Man guilty of robbing Belfast student at knifepoint


A 36-year-old man was on Wednesday found guilty of robbing a mobile phone from a Queen’s University student at knifepoint.

Adrian Naylor, from Greenway Road in the Widnes area of Cheshire, was unanimously convicted by a jury of robbing a Motorola MotoG phone from the first year student who was making his way home to Elms Village along the Malone Road in the early hours of October 1 last year.

In a two-day trial held at Belfast Crown Court, the student said he was walking home when he struck up a conversation with Naylor who was playing a guitar in the Lennoxvale area of the Malone Road.

During the conversation, the man told the student his name was Adrian, and that the student took his mobile out and used a guitar tuning app on the phone to try and get a better sound from the instrument.

The pair also talked about the leather jacket the man with the guitar was wearing which at one point the student tried on, and after around 10 minutes of chatting, the student resumed his walk back to Elm Village.

It was at this point that Naylor brandished a kitchen knife and demanded the student hand over his phone. Once the phone was handed over, Naylor walked off in the direction of Botanic Inn.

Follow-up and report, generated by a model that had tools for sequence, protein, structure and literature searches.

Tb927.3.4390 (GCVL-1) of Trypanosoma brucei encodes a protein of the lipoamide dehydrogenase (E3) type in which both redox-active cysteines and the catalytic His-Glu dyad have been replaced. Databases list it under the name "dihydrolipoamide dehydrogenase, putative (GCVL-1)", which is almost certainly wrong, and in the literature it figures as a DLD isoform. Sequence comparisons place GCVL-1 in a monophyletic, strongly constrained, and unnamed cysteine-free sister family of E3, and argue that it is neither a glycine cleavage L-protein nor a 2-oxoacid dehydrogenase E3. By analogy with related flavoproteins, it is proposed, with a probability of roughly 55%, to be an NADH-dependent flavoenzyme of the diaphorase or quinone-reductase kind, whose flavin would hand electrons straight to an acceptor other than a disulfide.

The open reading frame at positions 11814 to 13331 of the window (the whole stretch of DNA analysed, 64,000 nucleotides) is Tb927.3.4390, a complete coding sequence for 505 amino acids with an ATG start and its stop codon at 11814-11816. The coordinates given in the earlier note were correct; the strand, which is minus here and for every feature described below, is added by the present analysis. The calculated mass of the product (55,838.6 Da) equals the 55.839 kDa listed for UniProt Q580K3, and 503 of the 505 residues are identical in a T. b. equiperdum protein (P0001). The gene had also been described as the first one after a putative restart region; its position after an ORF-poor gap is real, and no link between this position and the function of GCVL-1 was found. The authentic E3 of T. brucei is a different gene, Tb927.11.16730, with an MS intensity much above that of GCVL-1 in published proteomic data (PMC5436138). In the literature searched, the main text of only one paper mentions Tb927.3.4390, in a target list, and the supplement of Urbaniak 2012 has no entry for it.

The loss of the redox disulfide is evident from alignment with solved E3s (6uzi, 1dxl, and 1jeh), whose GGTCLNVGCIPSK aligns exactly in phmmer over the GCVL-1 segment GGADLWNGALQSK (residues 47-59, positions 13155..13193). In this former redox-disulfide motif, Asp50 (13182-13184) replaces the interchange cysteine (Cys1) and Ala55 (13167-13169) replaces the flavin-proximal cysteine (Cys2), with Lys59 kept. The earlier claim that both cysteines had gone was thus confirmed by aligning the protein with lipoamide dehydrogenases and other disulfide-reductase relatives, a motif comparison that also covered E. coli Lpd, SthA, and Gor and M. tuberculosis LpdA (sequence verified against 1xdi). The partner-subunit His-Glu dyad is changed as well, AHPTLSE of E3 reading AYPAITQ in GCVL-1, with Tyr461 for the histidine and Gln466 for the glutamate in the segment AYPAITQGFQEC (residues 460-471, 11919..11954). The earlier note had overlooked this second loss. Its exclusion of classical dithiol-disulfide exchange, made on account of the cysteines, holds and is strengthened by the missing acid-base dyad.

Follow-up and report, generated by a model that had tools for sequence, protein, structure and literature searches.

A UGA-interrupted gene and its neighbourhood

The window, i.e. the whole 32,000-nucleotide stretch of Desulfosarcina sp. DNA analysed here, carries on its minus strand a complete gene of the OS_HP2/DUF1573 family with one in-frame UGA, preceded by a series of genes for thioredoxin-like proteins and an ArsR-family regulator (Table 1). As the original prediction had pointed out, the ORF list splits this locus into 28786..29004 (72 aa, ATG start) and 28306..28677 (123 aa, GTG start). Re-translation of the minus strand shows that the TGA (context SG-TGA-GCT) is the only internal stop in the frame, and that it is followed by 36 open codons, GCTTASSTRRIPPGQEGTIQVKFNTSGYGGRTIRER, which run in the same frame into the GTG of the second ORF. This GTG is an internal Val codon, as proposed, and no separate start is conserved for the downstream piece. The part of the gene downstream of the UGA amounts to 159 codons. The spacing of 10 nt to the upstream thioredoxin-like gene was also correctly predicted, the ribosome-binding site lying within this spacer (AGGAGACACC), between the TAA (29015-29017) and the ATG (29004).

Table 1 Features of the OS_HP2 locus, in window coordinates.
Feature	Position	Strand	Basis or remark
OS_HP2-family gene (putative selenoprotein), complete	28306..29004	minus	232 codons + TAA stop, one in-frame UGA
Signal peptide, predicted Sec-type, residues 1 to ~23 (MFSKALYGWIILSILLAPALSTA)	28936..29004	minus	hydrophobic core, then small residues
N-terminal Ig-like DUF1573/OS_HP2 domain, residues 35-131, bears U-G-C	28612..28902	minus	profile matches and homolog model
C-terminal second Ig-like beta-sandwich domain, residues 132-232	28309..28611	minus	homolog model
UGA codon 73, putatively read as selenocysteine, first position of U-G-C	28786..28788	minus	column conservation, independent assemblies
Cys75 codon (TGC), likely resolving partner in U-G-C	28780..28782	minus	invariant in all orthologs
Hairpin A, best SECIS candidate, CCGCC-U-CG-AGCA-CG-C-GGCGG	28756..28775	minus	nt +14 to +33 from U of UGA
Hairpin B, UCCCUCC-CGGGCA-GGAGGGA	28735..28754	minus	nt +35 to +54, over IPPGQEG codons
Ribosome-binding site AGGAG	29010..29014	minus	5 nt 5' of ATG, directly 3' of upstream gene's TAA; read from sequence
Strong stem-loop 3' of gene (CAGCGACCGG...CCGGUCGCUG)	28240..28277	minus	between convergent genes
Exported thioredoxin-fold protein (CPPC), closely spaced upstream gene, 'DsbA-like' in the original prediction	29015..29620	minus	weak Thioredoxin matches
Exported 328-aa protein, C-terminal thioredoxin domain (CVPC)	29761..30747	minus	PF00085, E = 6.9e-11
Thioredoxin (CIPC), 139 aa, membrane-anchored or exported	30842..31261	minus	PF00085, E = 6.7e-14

The jury of seven men and five women heard that, following the theft, the student alerted security staff at Queen’s about what had happened.

Police were informed and Naylor was apprehended in Wellington Park. Whilst no knife was found, the stolen phone was located in a garden adjacent to where Naylor was arrested.

Naylor, who gave evidence at the trial, described himself as a busker. He agreed that in the early hours of the morning in question he had spoken to the student, but denied both having a knife and of robbing the man’s phone.

He told the jury that just prior to his arrest, he heard a mobile phone ringing in his pocket and that he panicked and threw it away.

When asked how it got there, Naylor claimed it must have slipped into his pocket by accident either when the student was using his app to tune the guitar or when the student was trying on the leather jacket.

Naylor’s version of events was rejected by the jury, who took less than an hour of deliberating to arrive at a unanimously guilty verdict.

Naylor was remanded back into custody and Judge Kerr ordered that pre-sentence reports be prepared ahead of sentencing on April 8.